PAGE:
End of the Neoliberal Age
By Hannes Koch
[This article originally published in: die tageszeitung, September 22, 2001 is translated from the German on the World Wide Web, www.taz.de.]
The market economy is astonishingly unstable. Three collapsed old buildings are enough to bring the world economy to the edge of a greater crisis. The stock market course suffers a severe setback. Firms dismiss hundreds of thousands of employees. From one week to the next, business cycle prospects appear far more depressing than before, not only in the US. The confidence that the forces of the market develop their healing effect by themselves also disappears with this experience. At the latest since the attacks on the US, neoliberal economic policy has its best time in the past.
Market liberals are on the defensive considering the attacks on the US and their consequences. Even in the homeland of the neoliberal thinker Milton Friedman, people are discussing a state-financed business cycle program so the economic crisis does not intensify. The US government has already resolved billions in subsidies for the nearly bankrupt airline carriers. One could dismiss all this by saying that businesses demand state assistance in bad times while they want to keep every dollar for themselves in good times. Still more is involved. In the crisis, the neoliberal concept of politics proves to be a fair weather theory. With external shocks, whether political, cultural or natural, the market falls out of balance and can only be stabilized by political interventions. Liberal economists usually maintain the opposite: the market economy regulates itself if it is only given enough freedom.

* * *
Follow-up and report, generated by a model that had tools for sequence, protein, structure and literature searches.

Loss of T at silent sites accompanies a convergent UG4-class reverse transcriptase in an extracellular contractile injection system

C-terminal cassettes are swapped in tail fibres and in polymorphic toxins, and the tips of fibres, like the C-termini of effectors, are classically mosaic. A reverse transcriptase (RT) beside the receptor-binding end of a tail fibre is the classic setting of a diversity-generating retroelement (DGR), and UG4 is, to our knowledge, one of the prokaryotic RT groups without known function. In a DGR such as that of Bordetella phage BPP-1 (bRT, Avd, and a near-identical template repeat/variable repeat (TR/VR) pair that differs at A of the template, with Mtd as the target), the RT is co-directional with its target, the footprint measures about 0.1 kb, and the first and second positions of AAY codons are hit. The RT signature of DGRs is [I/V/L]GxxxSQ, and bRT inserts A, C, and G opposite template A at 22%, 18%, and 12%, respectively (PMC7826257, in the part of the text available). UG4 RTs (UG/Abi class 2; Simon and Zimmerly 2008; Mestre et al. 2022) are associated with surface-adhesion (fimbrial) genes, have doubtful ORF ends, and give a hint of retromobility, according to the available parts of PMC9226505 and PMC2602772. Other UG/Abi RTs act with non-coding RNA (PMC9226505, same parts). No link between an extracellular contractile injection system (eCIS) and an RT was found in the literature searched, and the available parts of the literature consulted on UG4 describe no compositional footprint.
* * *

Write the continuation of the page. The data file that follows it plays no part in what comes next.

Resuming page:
We are witnesses of a paradigm shift that was already on the way. A manager like the Porsche head Wendelin Wiedeking refuses to publish quarterly figures of his firm in order not to hand over the value of the firm to short-term manipulation and speculation on the deregulated financial markets. After several international financial crises, the suspicion creeps up on the International Monetary Fund that free trade alone is not enough. The erosion of the neoliberal economic theory is underway. The political and economic crisis phenomena caused by the airplane attacks will accelerate this process.